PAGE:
# Chessboard detection

Chessboards arise frequently in computer vision theory and practice because their highly structured geometry is well-suited for algorithmic detection and processing. The appearance of chessboards in computer vision can be divided into two main areas: camera calibration and feature extraction. This article provides a unified discussion of the role that chessboards play in the canonical methods from these two areas, including references to the seminal literature, examples, and pointers to software implementations.

## Chessboard camera calibration

A classical problem in computer vision is three-dimensional (3D) reconstruction, where one seeks to infer 3D structure about a scene from two-dimensional (2D) images of it. Practical cameras are complex devices, and photogrammetry is needed to model the relationship between image sensor measurements and the 3D world. In the standard pinhole camera model, one models the relationship between world coordinates $\mathbf {X}$ and image (pixel) coordinates $\mathbf {x}$ via the perspective transformation

$\mathbf {x} =K{\begin{bmatrix}R&t\end{bmatrix}}\mathbf {X} \quad ,\quad \mathbf {x} \in \mathbb {P} ^{2}\quad ,\quad \mathbf {X} \in \mathbb {P} ^{3},$ where $\mathbb {P} ^{n}$ is the projective space of dimension $n$ .

In this setting, camera calibration is the process of estimating the parameters of the $3\times 4$ matrix $M=K{\begin{bmatrix}R&t\end{bmatrix}}$ of the perspective model. Camera calibration is an important step in the computer vision pipeline because many subsequent algorithms require knowledge of camera parameters as input. Chessboards are often used during camera calibration because they are simple to construct, and their planar grid structure defines many natural interest points in an image. The following two methods are classic calibration techniques that often employ chessboards.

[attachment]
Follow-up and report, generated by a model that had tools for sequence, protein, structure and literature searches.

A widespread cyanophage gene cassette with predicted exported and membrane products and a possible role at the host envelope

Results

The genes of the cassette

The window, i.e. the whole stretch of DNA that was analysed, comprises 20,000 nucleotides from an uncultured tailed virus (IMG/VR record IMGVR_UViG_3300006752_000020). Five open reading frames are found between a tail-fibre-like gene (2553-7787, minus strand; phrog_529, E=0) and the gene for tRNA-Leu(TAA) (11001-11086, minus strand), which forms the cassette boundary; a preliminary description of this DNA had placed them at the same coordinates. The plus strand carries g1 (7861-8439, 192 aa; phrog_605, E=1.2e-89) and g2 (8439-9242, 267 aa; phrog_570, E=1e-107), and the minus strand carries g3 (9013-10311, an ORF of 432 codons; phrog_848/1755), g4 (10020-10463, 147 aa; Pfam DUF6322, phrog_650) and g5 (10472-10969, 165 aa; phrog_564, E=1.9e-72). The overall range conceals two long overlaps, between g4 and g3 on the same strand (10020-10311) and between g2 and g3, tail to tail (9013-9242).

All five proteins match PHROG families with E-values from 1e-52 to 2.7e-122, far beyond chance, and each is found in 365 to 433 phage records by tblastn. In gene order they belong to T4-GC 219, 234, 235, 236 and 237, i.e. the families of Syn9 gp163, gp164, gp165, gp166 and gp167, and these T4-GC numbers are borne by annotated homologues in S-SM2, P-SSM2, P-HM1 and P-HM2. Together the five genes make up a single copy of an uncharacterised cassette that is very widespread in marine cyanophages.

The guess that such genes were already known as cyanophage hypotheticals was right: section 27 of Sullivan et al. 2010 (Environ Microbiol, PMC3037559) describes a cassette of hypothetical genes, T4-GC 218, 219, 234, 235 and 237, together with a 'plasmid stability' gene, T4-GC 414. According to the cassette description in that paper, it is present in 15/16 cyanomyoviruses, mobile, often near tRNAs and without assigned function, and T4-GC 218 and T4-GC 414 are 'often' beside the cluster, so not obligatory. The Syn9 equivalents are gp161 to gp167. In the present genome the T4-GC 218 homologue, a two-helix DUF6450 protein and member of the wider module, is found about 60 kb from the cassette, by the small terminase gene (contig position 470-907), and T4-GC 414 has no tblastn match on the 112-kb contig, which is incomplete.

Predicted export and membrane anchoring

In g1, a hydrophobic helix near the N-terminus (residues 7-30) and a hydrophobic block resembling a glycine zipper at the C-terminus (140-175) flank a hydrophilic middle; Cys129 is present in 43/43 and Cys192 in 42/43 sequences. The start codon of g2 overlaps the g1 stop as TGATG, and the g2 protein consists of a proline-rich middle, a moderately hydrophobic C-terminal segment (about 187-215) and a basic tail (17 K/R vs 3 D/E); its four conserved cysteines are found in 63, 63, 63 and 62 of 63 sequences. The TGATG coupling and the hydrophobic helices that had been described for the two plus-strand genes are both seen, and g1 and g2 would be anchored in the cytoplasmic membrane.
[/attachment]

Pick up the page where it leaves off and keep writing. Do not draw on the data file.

### Direct linear transformation

Direct linear transformation (DLT) calibration uses correspondences between world points and camera image points to estimate camera parameters. In particular, DLT calibration exploits the fact that the perspective pinhole camera model defines a set of similarity relations that can be solved via the direct linear transformation algorithm. To employ this approach, one requires accurate coordinates of a non-degenerate set of points in 3D space. A common way to achieve this is to construct a camera calibration rig (example below) built from three mutually perpendicular chessboards. Since the corners of each square are equidistant, it is straightforward to compute the 3D coordinates of each corner given the width of each square. The advantage of DLT calibration is its simplicity; arbitrary cameras can be calibrated by solving a single homogeneous linear system. However, the practical use of DLT calibration is limited by the necessity of a 3D calibration rig and the fact that extremely accurate 3D coordinates are required to avoid numerical instability.

### Multiplane calibration

Multiplane calibration is a variant of camera auto-calibration that allows one to compute the parameters of a camera from two or more views of a planar surface. The seminal work in multiplane calibration is due to Zhang. Zhang's method calibrates cameras by solving a particular homogeneous linear system that captures the homographic relationships between multiple perspective views of the same plane. This multiview approach is popular because, in practice, it is more natural to capture multiple views of a single planar surface - like a chessboard - than to construct a precise 3D calibration rig, as required by DLT calibration. The following figures demonstrate a practical application of multiplane camera calibration from multiple views of a chessboard.

## Chessboard feature extraction